Conventional wisdom suggests that the primary reason why so many people do not accept Darwin's theory of evolution is that they find it threatening to their religious beliefs. There is no question that religion is a big part of the reason behind the large number of people who reject evolution. But I am convinced that just as often, the cause and effect is reversed: people hold onto their fundamentalist religious beliefs because evolution by natural selection -- the strongest argument against an Old Testament-type creator -- is so counter-intuitive to so many.
I arrive at this conclusion in a somewhat roundabout way. I have long been fascinated with systems that tap into the "wisdom of crowds" -- systems that, in fact, have much in common with Darwinian evolution. Such systems doubtfully conflict with anyone's religion, and yet, I see the same sort of resistance to them as I see to evolution. The arguments against them are remarkably similar.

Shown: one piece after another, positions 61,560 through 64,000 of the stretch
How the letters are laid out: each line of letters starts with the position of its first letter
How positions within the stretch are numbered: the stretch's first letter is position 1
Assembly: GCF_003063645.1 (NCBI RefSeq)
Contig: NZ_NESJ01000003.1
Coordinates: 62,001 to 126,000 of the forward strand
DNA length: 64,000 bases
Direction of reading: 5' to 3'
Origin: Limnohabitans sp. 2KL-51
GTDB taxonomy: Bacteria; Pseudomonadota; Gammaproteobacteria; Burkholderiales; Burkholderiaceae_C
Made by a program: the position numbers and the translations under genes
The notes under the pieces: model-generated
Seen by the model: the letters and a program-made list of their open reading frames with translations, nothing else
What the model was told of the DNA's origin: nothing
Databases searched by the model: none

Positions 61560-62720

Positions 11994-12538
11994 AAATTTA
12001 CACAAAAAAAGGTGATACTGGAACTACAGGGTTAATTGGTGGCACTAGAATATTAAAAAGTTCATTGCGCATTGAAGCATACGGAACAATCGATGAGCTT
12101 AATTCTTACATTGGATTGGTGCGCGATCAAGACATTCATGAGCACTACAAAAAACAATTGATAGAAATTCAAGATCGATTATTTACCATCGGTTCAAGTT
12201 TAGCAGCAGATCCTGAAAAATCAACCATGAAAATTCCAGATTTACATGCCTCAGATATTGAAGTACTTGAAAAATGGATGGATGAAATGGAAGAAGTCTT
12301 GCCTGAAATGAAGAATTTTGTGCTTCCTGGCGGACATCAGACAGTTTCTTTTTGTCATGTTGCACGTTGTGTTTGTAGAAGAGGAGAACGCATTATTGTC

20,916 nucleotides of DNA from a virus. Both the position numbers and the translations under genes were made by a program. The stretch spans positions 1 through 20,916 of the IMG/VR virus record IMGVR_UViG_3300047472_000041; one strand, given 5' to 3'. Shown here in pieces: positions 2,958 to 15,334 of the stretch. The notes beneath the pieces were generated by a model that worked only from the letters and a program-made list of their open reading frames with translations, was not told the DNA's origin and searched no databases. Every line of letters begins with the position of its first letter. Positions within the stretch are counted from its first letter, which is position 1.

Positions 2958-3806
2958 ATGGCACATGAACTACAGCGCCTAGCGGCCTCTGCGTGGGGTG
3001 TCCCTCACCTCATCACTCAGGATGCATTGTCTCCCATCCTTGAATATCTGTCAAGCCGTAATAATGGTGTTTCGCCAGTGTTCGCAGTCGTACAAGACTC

This hypothesis, if borne out, suggests that advocates of reason -- moderates, atheists, and the science minded -- might consider a different tack if they wish to convince more people to reconsider their fundamentalist, anti-scientific beliefs. It may be easier to first go after this non-intuitiveness, starting with these places where the conceptual difficulty is not exacerbated by the conflict with their comforting and culturally embedded religious belief.
"Evolution-like," wisdom of crowds systems:
Below I cover three separate systems, each of which has strong similarity to Darwinian evolution, each of which seems to elicit a "but it just can't work" response, and none of which conflict with any religion I know of. They are:
Wikipedia -- online encyclopedia that anyone can edit
Prediction markets -- speculative market which predicts future events, such as the outcome of elections